Cas12a and Cpf1 Enhance Gene Editing in Rice

The CRISPR editing system requires an enzyme that recognizes a specific site called PAM and acts as the scissor to cut the DNA sequence of interest. Cas9 is the most frequently used enzyme for this system as it recognizes a guanine-rich PAM and cuts the DNA bluntly, allowing for the natural repairing mechanism of the cell to introduce a modification to the target DNA sequence. Cas12a or Cpf1 has been discovered and proven to perform better than Cas9, as it recognizes a thymine-rich PAM, cuts and produces sticky ends, and is applicable for multiple gene targeting.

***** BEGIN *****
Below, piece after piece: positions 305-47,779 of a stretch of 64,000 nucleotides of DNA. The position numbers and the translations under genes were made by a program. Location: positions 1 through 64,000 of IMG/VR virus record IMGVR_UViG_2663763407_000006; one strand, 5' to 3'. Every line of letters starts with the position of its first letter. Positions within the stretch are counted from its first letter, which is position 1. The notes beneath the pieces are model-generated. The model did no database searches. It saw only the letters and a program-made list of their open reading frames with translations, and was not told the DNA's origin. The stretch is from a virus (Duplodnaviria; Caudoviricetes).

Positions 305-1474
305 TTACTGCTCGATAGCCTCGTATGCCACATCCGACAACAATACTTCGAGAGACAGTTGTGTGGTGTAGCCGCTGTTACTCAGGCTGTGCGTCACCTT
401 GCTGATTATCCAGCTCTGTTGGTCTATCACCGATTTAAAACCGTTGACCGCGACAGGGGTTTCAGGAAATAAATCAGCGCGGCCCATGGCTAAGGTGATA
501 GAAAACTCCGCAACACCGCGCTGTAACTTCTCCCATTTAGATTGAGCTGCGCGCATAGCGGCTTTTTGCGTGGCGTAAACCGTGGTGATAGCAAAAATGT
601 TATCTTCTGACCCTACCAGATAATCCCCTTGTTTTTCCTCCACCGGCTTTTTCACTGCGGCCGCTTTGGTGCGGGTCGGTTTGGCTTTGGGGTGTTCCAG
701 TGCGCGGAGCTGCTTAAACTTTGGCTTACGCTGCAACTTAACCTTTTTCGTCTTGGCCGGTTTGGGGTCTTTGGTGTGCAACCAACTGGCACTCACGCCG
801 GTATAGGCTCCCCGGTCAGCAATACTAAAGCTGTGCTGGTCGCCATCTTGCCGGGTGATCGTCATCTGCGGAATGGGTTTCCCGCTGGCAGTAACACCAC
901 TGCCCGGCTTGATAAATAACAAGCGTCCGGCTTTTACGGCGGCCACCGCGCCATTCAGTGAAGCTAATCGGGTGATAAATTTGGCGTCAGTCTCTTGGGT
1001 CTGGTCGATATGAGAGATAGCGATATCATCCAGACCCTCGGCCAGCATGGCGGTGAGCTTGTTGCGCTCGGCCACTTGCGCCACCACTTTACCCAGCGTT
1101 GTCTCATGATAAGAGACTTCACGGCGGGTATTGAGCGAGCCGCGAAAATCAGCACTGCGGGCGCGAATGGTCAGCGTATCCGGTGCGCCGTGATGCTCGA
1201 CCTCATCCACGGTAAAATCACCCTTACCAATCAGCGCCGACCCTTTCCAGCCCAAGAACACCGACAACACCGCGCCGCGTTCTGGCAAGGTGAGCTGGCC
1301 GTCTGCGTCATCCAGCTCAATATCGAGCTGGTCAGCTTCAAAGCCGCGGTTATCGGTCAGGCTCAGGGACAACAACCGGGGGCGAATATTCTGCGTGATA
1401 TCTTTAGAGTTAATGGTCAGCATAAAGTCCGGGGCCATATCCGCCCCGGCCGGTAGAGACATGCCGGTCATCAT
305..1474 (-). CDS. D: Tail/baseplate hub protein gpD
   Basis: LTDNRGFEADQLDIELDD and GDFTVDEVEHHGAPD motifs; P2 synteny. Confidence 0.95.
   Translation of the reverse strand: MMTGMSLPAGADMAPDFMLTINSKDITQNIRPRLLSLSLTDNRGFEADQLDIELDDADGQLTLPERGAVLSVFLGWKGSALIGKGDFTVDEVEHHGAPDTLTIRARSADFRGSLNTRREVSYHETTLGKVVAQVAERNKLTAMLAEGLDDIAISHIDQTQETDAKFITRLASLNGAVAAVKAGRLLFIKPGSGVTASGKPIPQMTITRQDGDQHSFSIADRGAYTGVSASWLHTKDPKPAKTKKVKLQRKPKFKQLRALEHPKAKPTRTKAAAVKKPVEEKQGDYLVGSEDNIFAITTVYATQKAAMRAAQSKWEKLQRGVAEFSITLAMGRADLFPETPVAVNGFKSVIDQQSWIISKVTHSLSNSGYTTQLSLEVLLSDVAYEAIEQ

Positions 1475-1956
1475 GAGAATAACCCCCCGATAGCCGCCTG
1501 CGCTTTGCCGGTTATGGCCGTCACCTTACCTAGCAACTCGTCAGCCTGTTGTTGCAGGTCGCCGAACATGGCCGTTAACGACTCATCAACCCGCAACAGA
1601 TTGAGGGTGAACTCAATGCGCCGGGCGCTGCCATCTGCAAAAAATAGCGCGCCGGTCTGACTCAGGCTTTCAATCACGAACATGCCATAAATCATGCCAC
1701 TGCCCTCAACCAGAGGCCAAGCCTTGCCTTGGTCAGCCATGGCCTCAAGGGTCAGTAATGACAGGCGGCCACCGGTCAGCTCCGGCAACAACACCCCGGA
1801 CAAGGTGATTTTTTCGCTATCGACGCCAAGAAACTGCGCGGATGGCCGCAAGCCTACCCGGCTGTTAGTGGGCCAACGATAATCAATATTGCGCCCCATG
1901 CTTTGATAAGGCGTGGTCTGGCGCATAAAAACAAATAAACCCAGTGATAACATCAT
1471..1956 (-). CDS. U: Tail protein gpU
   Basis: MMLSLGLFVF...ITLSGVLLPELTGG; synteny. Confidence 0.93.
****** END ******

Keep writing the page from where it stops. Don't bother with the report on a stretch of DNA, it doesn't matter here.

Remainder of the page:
Among several researchers, Pengcheng Wei of Anhui Academy of Agricultural Sciences in China and colleagues applied the Cpf1 system in rice. In their study, they applied the CRISPR-Cpf1 system to target OsPDS and OsGS3 genes in rice. Findings show approximately 78 and 92 percent mutating efficiency of the system in the two genes, respectively. The researchers further modified the system and included a different promoter to enhance the system. Results showed enhanced mutation efficiency of the system in rice. 

For more information, read the article in Plant Biotechnology Journal.


 

This article is part of the Crop Biotech Update, a weekly summary of world developments in agri-biotech for developing countries, produced by the Global Knowledge Center on Crop Biotechnology, International Service for the Aquisition of Agri-Biotech Applications SEAsiaCenter (ISAAA)

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